Lichens Take a Likin' to Upper St. Clair Trees

Do your trees have green patches on them? Likely an algae/fungus growth is the cause.

Lichens are taking a likin' to trees in the area.
Lichens are taking a likin' to trees in the area.
Some trees in the area are going greener—in a way that some homeowners might not find aesthetically pleasing.

In the Pittsburgh region, there are trees sporting green patches that, while interesting from an artistic or scientific perspective, can bother those who like their landscaping to be perfect.

The culprit? Lichens.

"It's actually a pretty interesting thing," said Brian Wolyniak, an urban forester with Penn State Extension's Allegheny County office in Point Breeze. "It's really a couple of organisms living together."

A fungus creates a flaky-looking patch on the tree bark, Wolyniak said. Then algae, which lives symbiotically within the fungus tissue, gives the organism a green color.

Lichens prefer cooler, more moist environments—why they are mainly seen growing on one side of the tree. Given the wet conditions we have this summer, they are "probably flourishing ... doing very well," according to Wolyniak. Over time, they can fade, and then return based on weather and sunlight.

The good news is that lichens are harmless.

While, aesthetically, lichens might "not look great," he said the growth can be left alone.

However, for those homeowners who don't want it growing on the tree bark for appearances, it is fairly easy to remove. Lichens can be removed by scrubbing with a little soap and water—or using a fungicide.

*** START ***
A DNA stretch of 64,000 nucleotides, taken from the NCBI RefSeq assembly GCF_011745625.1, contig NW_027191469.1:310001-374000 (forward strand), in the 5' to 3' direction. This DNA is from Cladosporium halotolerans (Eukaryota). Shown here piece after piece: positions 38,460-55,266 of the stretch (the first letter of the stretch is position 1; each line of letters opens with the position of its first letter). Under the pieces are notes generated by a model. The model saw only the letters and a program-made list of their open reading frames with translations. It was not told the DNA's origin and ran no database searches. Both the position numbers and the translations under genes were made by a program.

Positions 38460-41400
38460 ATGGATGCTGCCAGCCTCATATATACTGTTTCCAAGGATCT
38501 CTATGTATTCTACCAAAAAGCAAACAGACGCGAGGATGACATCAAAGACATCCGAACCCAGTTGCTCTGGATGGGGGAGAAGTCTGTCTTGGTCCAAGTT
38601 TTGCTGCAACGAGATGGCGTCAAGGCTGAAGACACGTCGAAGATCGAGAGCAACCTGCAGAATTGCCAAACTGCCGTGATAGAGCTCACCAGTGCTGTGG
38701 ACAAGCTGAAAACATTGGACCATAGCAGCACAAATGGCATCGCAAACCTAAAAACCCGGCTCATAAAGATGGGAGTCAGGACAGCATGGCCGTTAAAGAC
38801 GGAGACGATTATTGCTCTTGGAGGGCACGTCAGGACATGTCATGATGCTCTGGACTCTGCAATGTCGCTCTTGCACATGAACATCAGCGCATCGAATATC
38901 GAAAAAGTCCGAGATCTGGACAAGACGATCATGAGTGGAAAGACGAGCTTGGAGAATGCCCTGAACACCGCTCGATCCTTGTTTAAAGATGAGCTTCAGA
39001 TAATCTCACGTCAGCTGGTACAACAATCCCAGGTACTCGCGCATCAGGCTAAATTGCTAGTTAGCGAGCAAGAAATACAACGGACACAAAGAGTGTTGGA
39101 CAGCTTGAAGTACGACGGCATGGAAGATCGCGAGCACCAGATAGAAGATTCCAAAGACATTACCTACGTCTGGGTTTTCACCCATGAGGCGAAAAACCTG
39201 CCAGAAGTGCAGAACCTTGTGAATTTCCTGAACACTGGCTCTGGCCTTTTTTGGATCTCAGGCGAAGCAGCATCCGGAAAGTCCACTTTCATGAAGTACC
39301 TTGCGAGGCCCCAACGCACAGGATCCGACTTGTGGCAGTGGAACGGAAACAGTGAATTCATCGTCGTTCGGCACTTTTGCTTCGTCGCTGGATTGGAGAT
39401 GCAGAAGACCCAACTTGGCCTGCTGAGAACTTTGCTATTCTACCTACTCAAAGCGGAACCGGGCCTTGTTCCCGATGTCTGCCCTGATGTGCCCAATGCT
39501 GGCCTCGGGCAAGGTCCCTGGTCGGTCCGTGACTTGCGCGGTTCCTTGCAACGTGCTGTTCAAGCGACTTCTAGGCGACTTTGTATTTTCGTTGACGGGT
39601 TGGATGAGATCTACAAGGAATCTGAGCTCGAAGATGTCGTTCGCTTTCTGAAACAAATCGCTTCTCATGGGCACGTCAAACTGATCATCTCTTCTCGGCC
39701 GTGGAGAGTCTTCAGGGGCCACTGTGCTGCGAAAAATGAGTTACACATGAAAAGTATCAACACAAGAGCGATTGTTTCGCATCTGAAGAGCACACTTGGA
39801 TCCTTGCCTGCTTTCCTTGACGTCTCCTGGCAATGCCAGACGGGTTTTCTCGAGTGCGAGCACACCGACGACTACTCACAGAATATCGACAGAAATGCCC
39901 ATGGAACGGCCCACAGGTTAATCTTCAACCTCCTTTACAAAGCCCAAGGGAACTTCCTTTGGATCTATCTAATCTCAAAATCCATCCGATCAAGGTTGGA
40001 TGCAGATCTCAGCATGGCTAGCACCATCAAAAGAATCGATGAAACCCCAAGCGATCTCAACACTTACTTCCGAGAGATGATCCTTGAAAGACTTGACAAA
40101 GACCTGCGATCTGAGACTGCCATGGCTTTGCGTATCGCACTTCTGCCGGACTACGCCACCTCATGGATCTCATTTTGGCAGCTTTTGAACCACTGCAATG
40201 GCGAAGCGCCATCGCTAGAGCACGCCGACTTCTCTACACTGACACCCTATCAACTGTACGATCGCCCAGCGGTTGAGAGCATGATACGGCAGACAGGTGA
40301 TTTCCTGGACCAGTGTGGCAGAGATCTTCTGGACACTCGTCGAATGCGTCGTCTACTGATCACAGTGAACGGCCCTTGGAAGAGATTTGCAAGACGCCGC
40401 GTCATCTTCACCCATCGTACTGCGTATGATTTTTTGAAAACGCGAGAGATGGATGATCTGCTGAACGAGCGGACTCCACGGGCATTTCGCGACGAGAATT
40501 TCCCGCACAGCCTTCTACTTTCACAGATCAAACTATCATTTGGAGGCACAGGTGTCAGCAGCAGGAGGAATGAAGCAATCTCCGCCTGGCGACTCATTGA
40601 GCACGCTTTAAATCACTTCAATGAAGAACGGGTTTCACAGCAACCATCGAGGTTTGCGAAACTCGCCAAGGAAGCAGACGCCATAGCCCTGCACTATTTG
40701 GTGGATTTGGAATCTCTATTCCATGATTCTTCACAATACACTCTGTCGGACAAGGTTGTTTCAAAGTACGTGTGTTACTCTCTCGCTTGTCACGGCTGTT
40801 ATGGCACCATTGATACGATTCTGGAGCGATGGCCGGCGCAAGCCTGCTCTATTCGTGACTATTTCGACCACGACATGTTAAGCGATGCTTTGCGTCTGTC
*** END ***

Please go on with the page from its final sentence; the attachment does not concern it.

"It attaches pretty loosely to the bark," Wolyniak said. "The trick is to be careful not to damage the bark."

When using a fungicide, a homeowner needs to pay attention to the details for using the product, such as applying it at the right time of the year. There is a cost involved to purchase the fungicide, where the soap and water are inexpensive, he said.

"I do not recommend using chemicals for something that's truly an aesthetic reason," Wolyniak said.

There is a plus-side to seeing lichens in the area—and that has to do with our air quality.

"Their abundance and diversity can be an indirect assessment of air quality and habitat alteration in an urban environment," according to the Opdyke Environmental Lab website.

The lab, conducted by Matthew R. Opdyke, an associate professor of environmental studies at Point Park University, is studying the application of lichens as biological indicators of air quality in southwestern Pennsylvania. 

This project started in 2008—with the support of a Pennsylvania Department of Conservation and Natural Resources, Wild Resource Conservation grant—to study the application of lichens as indicators for habitat alteration and air pollution in southwestern Pennsylvania. Partners on the project included Pittsburgh Parks Conservancy and the New York Botanical Gardens. 

The study sites included Schenley and Frick parks in Allegheny County, Mingo Creek Park in Washington County and Roaring Runs Natural Area (Forbes State Forest) in Westmoreland County. 

Researchers measured lichen density and diversity at each park to investigate the prevalence of sensitive and pollution-tolerant species. The information will be used to assess the health of the lichen community, which reflects the level of air pollution and urbanization in the region, the website says. 

Although the five-year surveys will not occur again until 2014, there are currently projects that involve examining lichen distribution on islands in the Allegheny River.

For more on lichens, click here for story by Opdyke's wife, Heidi Opdyke of McCandless, that appeared in the Pittsburgh Post-Gazette in 2011.

Do you have lichens growing on your trees? Have you attempted to remove it? Let us know in the comments below.


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